Rob L. Wagner
Worsening domestic discord -- not nuclear ambitions -- is pushing Iran closer to brinkmanship with Israel, while Arab leaders sit on the sidelines hoping that any containment of Iran does not result in war, analysts say.
Some analysts observe that Iran's efforts to develop nuclear energy - and according to critics, nuclear weapons - barely registers as a threat to Arab countries. Instead, Iran's internal strife could prove its undoing.
Ehsan Ahrari, a Middle East analyst and chief executive officer of Strategic Paradigms, a defense and foreign affairs consultancy agency based in Alexandra, Virginia, told The Media Line that Iran's primary concern is to shore up the crumbling faith of its people.
"There is a huge rift inside Iran and the government is looking more vulnerable than ever," Ahrari said. "It's not necessarily the sanctions that are hurting Iran, but the political legitimacy of the regime that is in tatters."
A foreign affairs official for the United Arab Emirates (UAE) told The Media Line that Iran's nuclear capabilities are vastly overstated and Iran's "posturing" has more do to with maintaining its regional power.
"Iran is more interested in maintaining its influence in Syria and Iraq, and making a nuisance of itself by promoting insurgency in Bahrain and among the Shiites in Saudi Arabia," said the official who asked not to be identified because he was not authorized to speak.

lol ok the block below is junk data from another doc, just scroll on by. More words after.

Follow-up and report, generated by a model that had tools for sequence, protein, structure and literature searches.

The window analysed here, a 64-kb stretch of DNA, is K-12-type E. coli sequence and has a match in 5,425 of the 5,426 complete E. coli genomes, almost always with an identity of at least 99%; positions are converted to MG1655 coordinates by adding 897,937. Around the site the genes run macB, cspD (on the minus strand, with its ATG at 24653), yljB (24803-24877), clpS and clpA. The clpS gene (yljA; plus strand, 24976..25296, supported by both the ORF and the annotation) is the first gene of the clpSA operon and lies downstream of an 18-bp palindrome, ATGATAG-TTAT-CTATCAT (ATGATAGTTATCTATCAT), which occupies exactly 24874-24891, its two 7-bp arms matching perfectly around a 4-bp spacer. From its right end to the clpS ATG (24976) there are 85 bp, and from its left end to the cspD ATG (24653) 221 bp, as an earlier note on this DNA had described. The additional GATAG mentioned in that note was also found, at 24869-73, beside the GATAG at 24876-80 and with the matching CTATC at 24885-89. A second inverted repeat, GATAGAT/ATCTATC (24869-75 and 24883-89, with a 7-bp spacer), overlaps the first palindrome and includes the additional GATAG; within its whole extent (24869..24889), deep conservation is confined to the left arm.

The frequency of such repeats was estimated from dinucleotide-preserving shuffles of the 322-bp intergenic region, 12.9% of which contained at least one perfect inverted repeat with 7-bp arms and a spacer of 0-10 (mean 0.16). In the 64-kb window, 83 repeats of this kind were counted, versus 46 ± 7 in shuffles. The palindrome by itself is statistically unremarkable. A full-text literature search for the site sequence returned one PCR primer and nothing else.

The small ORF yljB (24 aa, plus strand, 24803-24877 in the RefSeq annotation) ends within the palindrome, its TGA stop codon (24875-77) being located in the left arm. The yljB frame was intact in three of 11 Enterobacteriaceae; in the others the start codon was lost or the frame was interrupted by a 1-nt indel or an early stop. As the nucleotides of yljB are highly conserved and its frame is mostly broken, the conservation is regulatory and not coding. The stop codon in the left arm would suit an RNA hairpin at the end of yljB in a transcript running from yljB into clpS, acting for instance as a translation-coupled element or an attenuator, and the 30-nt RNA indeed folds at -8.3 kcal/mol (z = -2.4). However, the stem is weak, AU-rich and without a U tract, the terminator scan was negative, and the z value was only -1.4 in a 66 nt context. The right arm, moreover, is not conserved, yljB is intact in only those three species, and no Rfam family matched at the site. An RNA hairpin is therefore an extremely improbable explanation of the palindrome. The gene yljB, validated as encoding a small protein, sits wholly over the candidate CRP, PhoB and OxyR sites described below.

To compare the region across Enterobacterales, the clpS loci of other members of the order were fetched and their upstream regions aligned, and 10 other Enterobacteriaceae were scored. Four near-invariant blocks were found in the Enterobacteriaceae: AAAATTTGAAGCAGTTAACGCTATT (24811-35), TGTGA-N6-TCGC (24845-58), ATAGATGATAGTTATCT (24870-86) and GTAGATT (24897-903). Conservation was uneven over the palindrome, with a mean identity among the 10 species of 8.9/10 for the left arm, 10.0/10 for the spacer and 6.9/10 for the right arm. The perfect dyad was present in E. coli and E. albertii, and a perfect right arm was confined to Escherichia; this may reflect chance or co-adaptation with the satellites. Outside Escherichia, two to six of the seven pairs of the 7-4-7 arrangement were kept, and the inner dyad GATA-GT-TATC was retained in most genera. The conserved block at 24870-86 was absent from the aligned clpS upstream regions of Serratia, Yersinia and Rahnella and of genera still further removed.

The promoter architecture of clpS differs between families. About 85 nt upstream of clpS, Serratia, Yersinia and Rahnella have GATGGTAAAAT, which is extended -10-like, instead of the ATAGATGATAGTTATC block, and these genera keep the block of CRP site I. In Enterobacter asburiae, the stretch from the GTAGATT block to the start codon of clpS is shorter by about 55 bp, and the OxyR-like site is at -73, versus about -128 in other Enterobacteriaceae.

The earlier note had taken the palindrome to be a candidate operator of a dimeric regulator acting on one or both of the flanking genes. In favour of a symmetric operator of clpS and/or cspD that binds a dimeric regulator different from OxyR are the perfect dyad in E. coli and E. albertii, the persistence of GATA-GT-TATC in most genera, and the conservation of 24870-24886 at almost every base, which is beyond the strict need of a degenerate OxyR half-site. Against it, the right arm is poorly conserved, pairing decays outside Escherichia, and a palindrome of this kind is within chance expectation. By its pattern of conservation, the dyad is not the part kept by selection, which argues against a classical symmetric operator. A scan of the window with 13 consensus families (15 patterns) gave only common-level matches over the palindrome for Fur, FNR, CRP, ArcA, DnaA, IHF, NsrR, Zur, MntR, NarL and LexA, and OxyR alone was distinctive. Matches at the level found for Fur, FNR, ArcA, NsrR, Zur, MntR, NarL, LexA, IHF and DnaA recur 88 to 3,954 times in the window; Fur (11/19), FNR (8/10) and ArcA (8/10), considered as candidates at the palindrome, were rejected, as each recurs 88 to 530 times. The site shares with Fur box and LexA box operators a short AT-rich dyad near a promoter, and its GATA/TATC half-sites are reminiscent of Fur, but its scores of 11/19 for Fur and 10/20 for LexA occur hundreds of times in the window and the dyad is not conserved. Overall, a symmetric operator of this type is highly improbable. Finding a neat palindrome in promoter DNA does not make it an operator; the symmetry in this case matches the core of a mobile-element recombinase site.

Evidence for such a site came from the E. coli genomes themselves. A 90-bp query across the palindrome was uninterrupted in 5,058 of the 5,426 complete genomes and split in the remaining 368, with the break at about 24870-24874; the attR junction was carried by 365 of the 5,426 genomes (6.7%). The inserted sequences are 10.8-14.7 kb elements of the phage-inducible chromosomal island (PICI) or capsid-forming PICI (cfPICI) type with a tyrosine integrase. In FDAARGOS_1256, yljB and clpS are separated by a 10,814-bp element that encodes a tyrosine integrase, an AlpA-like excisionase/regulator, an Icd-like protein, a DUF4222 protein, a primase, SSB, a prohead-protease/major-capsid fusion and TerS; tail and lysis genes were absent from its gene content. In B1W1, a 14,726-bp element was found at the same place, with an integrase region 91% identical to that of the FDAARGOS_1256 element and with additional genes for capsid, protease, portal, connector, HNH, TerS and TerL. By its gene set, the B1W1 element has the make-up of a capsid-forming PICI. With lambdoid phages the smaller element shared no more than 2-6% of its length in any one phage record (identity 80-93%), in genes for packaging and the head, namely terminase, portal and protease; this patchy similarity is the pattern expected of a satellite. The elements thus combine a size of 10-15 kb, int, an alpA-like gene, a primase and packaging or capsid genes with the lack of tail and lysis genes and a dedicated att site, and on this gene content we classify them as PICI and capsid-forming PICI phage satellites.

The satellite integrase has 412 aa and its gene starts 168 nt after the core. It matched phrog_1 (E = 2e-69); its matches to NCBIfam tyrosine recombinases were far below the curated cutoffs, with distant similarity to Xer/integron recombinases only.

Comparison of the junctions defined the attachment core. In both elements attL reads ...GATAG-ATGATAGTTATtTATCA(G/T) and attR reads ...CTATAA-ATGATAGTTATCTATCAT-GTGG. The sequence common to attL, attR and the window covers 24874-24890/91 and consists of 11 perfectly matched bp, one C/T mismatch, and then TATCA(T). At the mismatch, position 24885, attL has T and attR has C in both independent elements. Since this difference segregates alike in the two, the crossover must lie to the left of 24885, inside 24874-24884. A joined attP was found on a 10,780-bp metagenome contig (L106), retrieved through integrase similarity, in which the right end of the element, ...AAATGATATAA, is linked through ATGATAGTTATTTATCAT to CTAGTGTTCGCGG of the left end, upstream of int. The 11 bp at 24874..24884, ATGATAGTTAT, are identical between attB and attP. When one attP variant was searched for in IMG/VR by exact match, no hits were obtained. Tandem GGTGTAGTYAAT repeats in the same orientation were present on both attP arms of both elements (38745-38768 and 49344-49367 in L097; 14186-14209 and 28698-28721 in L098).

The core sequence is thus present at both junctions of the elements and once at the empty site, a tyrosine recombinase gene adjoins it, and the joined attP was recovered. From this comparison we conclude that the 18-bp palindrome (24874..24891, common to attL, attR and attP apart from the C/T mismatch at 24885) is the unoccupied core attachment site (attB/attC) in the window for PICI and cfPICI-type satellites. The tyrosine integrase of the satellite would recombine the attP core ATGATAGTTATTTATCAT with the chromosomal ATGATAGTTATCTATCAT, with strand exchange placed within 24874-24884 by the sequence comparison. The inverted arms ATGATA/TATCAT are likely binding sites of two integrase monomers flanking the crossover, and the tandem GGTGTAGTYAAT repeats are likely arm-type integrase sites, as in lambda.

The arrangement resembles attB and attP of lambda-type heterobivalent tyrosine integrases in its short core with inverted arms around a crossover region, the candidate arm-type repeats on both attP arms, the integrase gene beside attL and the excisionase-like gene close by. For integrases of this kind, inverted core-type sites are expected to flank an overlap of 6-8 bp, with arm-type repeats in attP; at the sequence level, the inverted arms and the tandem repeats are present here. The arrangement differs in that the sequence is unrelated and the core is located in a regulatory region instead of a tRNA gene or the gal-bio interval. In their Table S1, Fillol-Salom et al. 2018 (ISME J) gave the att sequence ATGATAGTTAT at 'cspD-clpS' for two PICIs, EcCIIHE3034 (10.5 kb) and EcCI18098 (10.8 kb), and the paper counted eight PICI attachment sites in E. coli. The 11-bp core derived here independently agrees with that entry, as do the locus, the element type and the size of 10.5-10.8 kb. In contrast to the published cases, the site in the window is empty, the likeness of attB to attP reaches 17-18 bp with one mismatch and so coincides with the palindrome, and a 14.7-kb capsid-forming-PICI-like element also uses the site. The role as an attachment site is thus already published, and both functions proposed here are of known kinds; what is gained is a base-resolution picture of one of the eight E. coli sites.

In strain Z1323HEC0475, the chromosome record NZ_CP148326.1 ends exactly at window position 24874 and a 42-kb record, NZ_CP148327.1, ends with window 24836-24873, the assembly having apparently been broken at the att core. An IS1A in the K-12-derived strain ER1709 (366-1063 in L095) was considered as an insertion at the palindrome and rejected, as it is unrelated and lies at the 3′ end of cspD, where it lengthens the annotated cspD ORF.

The 2009 Green Revolution spearheaded by thousands of middle class and educated Iranians badly shook the regime led by President Mahmoud Ahmadinejad and Ayatollah Ali Khamenei. Although the Iranian government violently crushed a burgeoning uprising, it did nothing to quell the growing dissatisfaction among young people with the country's elders.
Amnesty International reported last month that Iran executed twice as many people in 2011 as it did in 2010 when 253 official executions were held. The executions "may be a strategy to spread fear among the population and to deter protests," the human rights organization said. Since their 2009 election triumph, Ahmadinejad and Khamenei have been engaged in a bitter power struggle, dividing the leadership.
By exploiting tensions with Israel and the leadership role taken by U.S. President Barack Obama and the European Union in issuing tough sanctions, Iran hopes to rally its people behind the government and strengthen its political leadership, Ahrari said.
Marking the Iranian new year on Tuesday, Khamenei turned to the theme of defiance in an address to the nation. "If the Iranian nation resorts to its determination, awareness and planning it will overcome challenges that the enemy has provided," said Khamenei, who has the final say on all matters of state. If Iran's domestic economy flourishes, the country's enemies would lose hope and their "plotting" would come to an end.
Ahrari said that despite Obama's talk of combining sanctions with diplomacy, the U.S. president is not laying out a complete game plan.